A tractor-trailer combination with “high aluminum content” would save 3300 pounds, resulting in 6.5% more payload or 6.5% fewer trips, along with a 5.7% fuel savings over the course of a year for the average fleet, according to a study commissioned by the Aluminum Association.

Doug Richman, vice-president of engineering for Kaiser Aluminum and a member of the technical and executive committees of the Aluminum Association's Aluminum Transportation Group (ATG), said the results are significant given rising energy costs, a growing concern over greenhouse gas emissions, Federal mandates that continue to add weight to heavy-duty vehicles, and first-ever fuel efficiency standards that have been proposed.

Mandates in 2002, 2007, and 2010 have added 850 pounds and reduced fuel economy by 8%. And with the fuel-efficiency standards for medium- and heavy-duty trucks proposed by the National Highway Traffic Safety Administration (NHTSA) and Environmental Protection Agency (EPA), emissions reductions between 10% and 20% are being sought by 2017.

“No single technology on the engineering horizon will achieve 20%,” Richman said. “This will require significant attention to vehicle design, improvements in powertrains and, in heavy trucks, a lot of work is being done on aerodynamics and tire rolling resistance. We've learned in the vehicle-design area that aluminum-based weight-reduction technologies can achieve a 3300-pound weight reduction in tractor-trailer combinations for Class 8 vehicles. And that 3300 pounds achieves a net 6% improvement in fuel economy for that class of vehicle. When working together to achieve a 20% reduction overall, 6% is a large contribution to the overall requirement.

“Aluminum componentry is all based on technology and parts that are currently available, fully developed, and, in many cases, have been in the marketplace for years. The issue is just deploying them in this market sector. We have learned from our studies that while we're going to do aggressive engineering improvements in all product areas, weight reduction is an additive to all other technologies.”

Todd Summe, division manager of product design & development for Alcoa and a member of the ATG's technical committee, said the purpose of the study — an analytical simulation performed by Ricardo Engineering — was to quantify the fuel-economy impact of weight reduction with aluminum specific to US drive cycles.

The cycles were: Highway Fuel Economy Test, one of the EPA's official highway cycles, designed for medium- to high-speed operation, with no mid-cycle stops; Heavy-Duty Urban Dynamometer Drive Schedule, one of the EPA's drive cycles for heavy-duty vehicles, with several idle and start-stop positions and many acceleration and deceleration events; and West Virginia University Interstate Drive Cycle, which simulates interstate operation, with speeds that vary from medium to high and many moderate acceleration events.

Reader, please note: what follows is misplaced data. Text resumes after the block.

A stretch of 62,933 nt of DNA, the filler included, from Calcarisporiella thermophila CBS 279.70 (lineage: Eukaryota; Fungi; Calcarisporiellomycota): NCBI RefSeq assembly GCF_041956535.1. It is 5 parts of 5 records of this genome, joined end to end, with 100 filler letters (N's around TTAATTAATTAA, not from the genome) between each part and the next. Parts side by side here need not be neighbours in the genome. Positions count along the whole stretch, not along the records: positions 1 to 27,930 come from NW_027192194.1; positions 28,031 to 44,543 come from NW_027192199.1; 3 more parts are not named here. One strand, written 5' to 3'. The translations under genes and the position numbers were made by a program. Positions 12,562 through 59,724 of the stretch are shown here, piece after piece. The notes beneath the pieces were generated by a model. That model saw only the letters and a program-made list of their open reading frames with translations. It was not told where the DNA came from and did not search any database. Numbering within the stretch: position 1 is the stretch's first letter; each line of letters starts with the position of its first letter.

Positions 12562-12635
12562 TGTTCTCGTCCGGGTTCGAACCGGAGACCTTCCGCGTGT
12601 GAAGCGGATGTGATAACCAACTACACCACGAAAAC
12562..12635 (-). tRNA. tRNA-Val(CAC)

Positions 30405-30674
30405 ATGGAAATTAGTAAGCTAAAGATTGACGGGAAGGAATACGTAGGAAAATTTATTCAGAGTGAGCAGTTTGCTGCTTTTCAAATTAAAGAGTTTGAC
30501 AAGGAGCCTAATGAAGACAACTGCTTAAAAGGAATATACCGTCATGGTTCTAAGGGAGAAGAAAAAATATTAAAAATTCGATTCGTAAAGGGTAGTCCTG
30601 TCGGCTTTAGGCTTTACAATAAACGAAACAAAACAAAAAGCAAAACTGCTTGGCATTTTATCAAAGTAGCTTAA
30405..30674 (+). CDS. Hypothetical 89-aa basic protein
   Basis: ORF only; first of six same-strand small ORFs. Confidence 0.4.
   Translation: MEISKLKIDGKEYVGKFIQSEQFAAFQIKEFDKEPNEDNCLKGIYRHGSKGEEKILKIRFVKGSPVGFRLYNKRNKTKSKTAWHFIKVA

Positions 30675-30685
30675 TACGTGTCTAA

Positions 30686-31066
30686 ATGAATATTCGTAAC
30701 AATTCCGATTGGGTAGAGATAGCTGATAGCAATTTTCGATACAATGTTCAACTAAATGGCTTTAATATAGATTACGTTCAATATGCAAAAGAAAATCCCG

The vehicles were unloaded, one-half GVW load, and full GVW, with a 13-liter diesel engine and 10-speed automated manual transmission, and a coefficient of drag of .60 (baseline).

The conventional (baseline) vehicle configuration was 29,500 lbs (16,000-lb tractor, 13,500-lb trailer); “traditional lightweight” was 28,000 (15,500-lb tractor, 12,500-lb trailer) for a 5.1% savings of 1,500 pounds; and the “high aluminum content” was 26,200 (14,500-lb tractor, 11,700-lb trailer) for an 11.2% savings of 3,300 pounds.

The “high aluminum content” configuration had a payload of 53,800-lb payload for a 6.5% increased payload. Compared to the conventional configuration, it had its best fuel-economy savings in the HUDDS drive cycle (5.7% unloaded, 4% at half load).

“You can carry 3,300 lbs or 6.5% more cargo at GVW,” Summe said. “There is improved fuel efficiency, with as high as 1,612 gallons each year for a weight-constrained vehicle. That's nearly one billion gallons of diesel annually for the current US fleet. There's reduced CO2 emissions: up to 17.9 tons annually for a weight-constrained vehicle. That's approximately 10 million tons of CO2 per year for the current US fleet.”